Going 1:1? How Would You Respond To Comments Like This?

I had the opportunity to appear on National Public Radio’s Here and Now Program last week along with one of our students to talk about our 1:1 iPad program here in Burlington at our high school. The segment was titled Educator Answers Your Questions On iPads In The Classroom While the interview went well, I really enjoyed reading the comments from listeners who choose to enter their feedback.  Our first appearance last March resulted in 122 comments and while this year’s appearance prompted a bit less feedback, I think it is important for people who pursue these types of initiatives to be ready to respond to comments like the one below.

For about three thousand years or more all that was needed  for learning and writing was some sort of pencil. Plato never wrote his master piece The Republic on an iPAD. Leonardo Di Vinci never used and iPAD. Giuseppe Tomasi di Lampedusa did not use an iPAD to write his Sicilian masterpiece The Leopard and Hemingway never wrote A Farewell To Arms with on a iPAD. Pencil and paper are a thousand times cheaper, yet we continue to spend my tax money on iPADs which don’t seem to improve learning, or on car race tracks as part of the Fiscal Mythical Myth phony deal which produced a modicum for revenue to pay down deficits. Apparently if a young person at school does not have access to an iPAD he or she can’t learn! The simple process of using pencil and paper is good for students. This simple process exercises and induces the brain growth plus coordination of other areas of a young persons developing body including learning how to write. So what does a young person really for a quality foundation to learn? He or she needs a grownup at home to help them with their after school home work. To many households in America have two people working and are to tired to help their children with their homework. Really, this is just a slick promotion for selling Apple products (which are quit good) which in turn make money for investors and does not guarantee success in the class room.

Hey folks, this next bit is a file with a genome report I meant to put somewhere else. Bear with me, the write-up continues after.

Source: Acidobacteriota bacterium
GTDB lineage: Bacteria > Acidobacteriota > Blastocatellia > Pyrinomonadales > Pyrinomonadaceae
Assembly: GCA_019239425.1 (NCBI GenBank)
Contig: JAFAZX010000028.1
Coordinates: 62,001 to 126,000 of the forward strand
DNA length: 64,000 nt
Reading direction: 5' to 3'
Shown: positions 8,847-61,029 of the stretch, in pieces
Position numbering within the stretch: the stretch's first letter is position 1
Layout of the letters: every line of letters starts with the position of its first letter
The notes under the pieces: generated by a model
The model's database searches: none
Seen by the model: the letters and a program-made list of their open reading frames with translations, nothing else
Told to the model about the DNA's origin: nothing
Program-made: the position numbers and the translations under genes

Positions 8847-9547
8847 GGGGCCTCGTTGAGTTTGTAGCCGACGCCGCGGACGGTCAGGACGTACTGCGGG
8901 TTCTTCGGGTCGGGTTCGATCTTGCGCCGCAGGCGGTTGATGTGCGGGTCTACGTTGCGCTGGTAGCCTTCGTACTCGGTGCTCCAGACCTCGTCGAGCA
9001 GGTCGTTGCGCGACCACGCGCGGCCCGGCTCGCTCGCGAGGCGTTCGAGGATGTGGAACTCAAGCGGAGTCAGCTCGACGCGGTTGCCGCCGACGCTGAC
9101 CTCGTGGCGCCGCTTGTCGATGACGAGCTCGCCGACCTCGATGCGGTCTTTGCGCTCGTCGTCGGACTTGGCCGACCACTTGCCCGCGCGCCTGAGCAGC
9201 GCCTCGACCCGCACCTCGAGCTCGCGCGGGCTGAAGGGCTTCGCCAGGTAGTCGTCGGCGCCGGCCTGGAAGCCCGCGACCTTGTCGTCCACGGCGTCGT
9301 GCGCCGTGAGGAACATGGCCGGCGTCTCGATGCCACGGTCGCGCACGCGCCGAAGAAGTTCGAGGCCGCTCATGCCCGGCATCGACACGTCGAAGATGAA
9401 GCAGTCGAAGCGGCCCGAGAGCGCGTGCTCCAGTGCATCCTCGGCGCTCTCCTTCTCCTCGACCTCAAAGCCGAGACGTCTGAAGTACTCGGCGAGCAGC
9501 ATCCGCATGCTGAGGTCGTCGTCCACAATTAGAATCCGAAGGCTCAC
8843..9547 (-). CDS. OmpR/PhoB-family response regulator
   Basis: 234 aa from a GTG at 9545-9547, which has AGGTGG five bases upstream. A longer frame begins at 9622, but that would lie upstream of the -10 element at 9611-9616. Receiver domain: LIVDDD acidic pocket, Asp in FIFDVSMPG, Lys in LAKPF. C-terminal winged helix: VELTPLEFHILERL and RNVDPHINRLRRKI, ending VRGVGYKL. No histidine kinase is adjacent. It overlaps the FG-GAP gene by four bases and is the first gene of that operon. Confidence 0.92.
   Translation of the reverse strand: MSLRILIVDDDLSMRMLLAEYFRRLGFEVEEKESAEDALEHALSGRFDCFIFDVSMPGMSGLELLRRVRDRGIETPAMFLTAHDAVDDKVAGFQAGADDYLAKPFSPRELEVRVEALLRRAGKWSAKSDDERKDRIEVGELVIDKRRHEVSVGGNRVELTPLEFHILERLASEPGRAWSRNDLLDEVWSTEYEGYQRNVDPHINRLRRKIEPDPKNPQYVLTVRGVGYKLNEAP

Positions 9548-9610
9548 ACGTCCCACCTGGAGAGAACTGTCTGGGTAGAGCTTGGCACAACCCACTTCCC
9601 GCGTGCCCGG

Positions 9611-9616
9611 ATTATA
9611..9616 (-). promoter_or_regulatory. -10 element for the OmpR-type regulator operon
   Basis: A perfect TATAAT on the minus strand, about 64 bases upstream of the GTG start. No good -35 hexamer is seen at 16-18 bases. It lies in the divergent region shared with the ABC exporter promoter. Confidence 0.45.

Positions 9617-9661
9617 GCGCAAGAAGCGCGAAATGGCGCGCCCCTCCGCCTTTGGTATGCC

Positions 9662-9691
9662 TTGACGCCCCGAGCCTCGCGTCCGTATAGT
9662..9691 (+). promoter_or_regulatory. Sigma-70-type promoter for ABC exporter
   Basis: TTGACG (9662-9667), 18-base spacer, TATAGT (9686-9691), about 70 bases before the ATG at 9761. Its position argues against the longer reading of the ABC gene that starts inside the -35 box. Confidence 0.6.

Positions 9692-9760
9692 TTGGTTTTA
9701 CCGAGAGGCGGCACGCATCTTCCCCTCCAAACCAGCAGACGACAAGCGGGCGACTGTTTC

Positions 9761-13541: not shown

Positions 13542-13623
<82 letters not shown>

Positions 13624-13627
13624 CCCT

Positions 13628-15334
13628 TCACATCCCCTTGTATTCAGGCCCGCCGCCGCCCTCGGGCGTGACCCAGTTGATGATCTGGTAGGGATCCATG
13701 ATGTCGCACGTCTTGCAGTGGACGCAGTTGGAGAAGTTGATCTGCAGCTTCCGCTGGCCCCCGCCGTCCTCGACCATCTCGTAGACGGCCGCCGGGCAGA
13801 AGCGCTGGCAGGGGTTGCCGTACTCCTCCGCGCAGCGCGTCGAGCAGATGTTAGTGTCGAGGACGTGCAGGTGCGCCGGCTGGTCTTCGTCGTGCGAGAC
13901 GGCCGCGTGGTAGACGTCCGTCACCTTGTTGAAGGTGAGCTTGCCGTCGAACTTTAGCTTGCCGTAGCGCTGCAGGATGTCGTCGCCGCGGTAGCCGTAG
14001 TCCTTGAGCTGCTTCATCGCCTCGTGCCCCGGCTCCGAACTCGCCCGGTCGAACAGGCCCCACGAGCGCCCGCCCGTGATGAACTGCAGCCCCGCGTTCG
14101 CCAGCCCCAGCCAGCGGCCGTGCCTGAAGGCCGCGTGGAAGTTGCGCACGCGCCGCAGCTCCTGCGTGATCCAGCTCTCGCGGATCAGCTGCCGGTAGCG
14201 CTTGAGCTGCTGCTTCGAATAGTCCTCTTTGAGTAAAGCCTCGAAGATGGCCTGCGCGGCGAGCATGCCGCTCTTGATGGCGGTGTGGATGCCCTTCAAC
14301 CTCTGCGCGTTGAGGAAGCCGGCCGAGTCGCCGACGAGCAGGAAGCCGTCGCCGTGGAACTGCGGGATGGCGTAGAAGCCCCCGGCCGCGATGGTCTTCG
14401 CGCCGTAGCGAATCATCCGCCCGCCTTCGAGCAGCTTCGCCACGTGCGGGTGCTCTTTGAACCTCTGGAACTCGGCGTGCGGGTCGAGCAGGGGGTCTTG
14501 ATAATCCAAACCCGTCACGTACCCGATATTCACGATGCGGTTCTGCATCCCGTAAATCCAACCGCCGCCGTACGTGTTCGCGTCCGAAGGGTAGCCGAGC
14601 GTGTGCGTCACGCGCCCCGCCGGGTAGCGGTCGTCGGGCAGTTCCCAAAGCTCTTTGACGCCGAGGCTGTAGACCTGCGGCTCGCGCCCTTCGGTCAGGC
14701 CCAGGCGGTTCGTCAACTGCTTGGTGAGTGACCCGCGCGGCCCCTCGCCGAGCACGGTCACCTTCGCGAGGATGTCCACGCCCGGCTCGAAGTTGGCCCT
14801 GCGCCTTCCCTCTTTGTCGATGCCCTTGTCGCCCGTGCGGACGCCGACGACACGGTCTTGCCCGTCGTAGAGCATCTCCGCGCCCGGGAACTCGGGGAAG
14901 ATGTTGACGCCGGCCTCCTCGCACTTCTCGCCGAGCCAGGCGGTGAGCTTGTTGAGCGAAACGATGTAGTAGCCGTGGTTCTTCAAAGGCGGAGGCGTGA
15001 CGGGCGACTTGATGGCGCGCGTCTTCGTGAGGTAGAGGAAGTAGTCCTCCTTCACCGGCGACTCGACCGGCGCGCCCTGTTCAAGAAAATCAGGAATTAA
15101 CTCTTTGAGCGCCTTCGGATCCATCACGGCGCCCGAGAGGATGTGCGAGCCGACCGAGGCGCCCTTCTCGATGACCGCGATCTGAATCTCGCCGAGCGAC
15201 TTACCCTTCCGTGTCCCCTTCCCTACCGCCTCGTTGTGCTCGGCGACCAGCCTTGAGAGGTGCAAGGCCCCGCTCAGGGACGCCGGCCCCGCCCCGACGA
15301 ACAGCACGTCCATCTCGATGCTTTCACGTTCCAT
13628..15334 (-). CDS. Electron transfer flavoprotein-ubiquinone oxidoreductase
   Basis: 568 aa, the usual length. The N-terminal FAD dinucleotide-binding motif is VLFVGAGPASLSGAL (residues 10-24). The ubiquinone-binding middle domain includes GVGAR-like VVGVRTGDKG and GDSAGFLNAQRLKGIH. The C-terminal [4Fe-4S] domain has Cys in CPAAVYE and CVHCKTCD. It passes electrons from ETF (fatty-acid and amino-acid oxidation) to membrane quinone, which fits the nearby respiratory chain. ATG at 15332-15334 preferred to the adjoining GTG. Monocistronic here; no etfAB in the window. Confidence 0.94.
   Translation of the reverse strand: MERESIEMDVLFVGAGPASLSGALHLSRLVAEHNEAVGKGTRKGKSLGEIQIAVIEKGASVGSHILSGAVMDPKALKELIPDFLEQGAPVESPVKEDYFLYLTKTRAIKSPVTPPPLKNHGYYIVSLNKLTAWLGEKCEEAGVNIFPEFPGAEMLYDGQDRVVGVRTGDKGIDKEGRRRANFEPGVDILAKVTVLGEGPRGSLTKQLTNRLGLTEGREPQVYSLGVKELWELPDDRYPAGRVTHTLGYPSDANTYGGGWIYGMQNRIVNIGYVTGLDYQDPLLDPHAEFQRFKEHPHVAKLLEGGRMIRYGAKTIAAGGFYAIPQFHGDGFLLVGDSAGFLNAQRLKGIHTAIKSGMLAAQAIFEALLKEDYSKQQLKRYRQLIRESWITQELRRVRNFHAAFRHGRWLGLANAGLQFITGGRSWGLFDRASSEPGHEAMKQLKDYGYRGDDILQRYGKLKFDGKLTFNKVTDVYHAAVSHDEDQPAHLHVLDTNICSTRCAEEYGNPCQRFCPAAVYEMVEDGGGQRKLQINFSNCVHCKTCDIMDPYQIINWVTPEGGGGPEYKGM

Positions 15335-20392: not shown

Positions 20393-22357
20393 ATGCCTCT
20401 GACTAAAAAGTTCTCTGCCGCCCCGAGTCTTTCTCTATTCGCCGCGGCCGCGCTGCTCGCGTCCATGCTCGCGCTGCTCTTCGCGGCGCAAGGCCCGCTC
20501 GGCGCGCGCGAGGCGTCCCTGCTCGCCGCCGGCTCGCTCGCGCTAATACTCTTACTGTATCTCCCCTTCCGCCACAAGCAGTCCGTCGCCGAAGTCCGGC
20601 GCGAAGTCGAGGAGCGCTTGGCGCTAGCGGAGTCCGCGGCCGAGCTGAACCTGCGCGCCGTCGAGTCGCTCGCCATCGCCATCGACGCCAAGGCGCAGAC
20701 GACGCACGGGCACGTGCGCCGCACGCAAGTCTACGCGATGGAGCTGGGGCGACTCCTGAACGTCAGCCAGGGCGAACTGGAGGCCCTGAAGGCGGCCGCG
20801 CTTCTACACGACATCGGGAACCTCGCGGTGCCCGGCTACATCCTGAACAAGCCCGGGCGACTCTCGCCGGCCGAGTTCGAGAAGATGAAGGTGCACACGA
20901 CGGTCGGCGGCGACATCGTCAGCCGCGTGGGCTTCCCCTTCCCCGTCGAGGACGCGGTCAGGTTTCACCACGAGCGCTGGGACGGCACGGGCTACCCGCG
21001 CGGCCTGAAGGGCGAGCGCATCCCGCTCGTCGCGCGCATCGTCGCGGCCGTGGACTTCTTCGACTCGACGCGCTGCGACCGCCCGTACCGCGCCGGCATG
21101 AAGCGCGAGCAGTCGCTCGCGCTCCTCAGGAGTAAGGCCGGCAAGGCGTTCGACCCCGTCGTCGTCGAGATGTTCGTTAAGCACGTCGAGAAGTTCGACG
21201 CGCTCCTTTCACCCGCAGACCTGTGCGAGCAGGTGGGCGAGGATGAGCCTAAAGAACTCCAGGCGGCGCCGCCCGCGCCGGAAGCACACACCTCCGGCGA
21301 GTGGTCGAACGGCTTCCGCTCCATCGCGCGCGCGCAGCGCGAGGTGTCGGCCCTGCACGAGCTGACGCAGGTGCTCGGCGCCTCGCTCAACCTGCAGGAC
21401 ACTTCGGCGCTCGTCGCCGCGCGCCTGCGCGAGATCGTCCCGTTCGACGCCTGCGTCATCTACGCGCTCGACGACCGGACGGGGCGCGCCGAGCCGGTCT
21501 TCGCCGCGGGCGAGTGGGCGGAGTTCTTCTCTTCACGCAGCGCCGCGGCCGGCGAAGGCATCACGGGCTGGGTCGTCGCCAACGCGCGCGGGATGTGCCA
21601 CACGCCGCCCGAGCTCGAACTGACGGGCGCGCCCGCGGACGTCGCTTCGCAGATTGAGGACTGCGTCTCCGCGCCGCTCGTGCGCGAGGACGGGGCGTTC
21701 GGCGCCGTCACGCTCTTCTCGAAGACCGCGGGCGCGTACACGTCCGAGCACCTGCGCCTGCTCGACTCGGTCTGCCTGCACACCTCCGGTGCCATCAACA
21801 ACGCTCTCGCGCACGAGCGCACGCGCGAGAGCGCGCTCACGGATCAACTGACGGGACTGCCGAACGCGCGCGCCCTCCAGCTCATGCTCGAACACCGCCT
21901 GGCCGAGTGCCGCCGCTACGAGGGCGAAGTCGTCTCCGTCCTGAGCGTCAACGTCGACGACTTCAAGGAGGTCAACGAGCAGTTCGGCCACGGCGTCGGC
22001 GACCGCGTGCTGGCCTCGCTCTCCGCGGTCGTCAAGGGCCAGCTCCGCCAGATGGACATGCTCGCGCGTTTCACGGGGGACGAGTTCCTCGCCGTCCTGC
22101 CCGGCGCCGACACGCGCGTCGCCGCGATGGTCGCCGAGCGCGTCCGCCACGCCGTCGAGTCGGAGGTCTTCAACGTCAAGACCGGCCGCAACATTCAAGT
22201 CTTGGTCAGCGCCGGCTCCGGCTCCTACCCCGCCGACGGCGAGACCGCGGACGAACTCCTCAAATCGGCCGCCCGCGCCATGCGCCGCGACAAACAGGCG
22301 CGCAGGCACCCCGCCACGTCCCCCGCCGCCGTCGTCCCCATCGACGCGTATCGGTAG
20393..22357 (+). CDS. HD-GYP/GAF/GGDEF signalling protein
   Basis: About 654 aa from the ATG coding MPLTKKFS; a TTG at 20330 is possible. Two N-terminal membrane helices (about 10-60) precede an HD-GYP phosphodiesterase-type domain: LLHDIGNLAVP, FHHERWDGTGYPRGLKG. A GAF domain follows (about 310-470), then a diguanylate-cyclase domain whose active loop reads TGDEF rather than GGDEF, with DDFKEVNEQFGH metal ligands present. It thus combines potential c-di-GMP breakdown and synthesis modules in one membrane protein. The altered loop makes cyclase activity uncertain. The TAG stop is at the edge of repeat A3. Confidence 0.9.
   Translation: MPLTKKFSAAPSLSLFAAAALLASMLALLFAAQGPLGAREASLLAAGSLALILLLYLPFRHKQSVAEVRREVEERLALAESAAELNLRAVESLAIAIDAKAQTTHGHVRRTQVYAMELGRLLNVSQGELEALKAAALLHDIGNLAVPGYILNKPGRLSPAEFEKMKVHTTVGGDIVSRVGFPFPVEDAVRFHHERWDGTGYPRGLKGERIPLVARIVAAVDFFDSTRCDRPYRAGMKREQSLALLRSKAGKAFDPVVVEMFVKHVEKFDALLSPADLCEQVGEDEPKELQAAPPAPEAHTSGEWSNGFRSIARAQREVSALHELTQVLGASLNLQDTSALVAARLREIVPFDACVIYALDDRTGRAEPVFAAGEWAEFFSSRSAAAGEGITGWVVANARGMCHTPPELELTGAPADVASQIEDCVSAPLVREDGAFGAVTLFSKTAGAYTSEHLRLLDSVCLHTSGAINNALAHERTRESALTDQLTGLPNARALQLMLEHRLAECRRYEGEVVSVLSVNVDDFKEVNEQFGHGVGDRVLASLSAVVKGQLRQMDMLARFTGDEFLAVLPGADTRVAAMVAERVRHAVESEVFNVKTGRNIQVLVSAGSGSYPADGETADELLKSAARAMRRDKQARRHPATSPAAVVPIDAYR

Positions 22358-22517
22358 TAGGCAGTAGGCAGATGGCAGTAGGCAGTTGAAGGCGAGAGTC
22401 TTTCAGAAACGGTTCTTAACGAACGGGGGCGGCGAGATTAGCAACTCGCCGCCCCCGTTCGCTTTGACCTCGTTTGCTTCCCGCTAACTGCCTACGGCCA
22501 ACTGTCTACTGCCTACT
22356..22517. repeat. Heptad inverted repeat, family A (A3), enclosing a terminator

While there are a number of predictable questions that you will need to answer in regards to WHY

you support such a financially significant initiative, the one above is one that is common from taxpayers who don’t want to spend the money necessary to put modern resources in the hands of teachers and students.   I know I did not respond to all of the arguments that were made and I am not even saying that my comments were “the right answer.”  The point is that schools and/or individuals entering into this type of an endeavor need to be prepared to provide a response that they are comfortable with. Of course, the best part is that we have a growing number of schools creating concrete evidence of what can happen when these initiatives are implemented thoughtfully.